CONYERS — The Rockdale Board of Education gave tentative approval to a $129.9 million budget for 2014-15 at a special called meeting Thursday night.
The approval paves the way for a public hearing on the spending plan set for 6:30 p.m., June 12, at the Central Office on Main Street. Final adoption of the budget is expected to take place on June 19.
Chief Financial Officer Lee Davis told board members that the budget restores the instructional calendar to 180 days from 170, eliminates seven furlough days for teachers, restores 10 instructional technology support positions in schools, and adds 42 teachers, which will reduce teacher/student ratios at every level.
The budget also includes local funding of $500,000 to $600,000 for student support services that had previously been paid for through a 2009 Safe Schools/Healthy Students grant. The grant expires in June. The services were part of the school system’s Support Team for All Rockdale Students (STARS) program. The majority of those funds — $300,000 — is earmarked for mental health services for students.
Davis said the school system expects to receive about $7.8 million more in state funds for the new fiscal year, along with about $2.9 million more in property tax revenue due to growth in the tax digest. The school system will need to dip into its reserve funds for $500,000 in order to balance the budget.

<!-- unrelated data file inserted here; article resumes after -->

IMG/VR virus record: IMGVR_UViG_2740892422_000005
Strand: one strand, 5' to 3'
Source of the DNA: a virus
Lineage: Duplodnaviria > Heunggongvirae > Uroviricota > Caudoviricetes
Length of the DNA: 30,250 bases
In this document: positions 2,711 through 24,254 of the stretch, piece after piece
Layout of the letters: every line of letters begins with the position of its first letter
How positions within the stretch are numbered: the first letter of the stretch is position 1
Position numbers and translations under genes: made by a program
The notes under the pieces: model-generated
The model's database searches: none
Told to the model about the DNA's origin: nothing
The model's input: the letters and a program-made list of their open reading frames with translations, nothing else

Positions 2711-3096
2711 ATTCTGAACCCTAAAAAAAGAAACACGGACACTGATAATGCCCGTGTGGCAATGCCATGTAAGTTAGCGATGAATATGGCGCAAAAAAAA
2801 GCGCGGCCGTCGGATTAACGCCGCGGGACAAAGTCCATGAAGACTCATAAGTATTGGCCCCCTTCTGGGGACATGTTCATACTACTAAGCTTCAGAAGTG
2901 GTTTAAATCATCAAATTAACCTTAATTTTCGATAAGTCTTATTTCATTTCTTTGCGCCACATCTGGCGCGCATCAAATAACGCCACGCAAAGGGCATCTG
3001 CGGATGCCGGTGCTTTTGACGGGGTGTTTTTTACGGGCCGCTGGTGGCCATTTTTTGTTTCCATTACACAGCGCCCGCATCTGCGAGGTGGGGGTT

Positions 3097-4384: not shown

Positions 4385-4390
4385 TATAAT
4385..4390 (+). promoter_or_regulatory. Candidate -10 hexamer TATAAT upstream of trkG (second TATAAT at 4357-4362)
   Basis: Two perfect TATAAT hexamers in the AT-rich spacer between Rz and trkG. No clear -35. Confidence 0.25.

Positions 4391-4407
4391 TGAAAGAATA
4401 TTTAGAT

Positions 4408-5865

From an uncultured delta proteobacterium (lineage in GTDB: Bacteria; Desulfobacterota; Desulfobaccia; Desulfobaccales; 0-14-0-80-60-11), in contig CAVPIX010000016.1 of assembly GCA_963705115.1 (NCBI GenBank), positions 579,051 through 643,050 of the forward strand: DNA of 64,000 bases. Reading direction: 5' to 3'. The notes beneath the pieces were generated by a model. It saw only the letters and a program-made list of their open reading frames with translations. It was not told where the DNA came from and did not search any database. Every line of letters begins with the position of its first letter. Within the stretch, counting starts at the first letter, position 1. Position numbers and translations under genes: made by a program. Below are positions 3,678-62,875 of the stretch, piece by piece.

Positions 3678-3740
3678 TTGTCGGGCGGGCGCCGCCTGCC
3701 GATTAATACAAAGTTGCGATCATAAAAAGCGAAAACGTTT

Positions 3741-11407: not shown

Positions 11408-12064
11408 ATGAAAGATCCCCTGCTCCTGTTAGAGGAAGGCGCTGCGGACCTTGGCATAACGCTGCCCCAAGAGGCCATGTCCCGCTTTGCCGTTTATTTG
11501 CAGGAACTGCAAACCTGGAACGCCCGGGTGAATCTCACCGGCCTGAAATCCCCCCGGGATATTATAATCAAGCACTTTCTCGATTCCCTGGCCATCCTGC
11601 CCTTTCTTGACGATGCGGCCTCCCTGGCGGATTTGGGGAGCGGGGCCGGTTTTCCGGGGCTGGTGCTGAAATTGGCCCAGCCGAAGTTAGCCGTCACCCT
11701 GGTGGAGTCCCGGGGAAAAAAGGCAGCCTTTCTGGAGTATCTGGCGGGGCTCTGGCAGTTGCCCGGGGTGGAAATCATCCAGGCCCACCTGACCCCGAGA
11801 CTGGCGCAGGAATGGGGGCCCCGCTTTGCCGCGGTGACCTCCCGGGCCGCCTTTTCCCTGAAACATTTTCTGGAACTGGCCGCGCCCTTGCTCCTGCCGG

Restoring teacher furlough days will translate into an increase in gross pay ranging from 3.5 percent to 3.8 percent, Davis said. Teachers will not receive step increases, nor will the school system restore its contribution to the alternative retirement plan.
Rockdale County Public Schools opted out of Social Security in 1983, choosing instead to participate in a 403(b) plan. The school system had contributed 4 percent to the plan for each employee, with the employee contributing 2 percent of income but has been unable to make that contribution for the past four years.
Administrators agreed that restoring that contribution is a goal for the future.
“It’s certainly something that we want to put back in as much as the budget will let us and as much as the board will allow,” said Superintendent Rich Autry.
Davis said restoring the school system’s contribution would cost about $3.6 million a year, depending on the number of employees and how much they earn.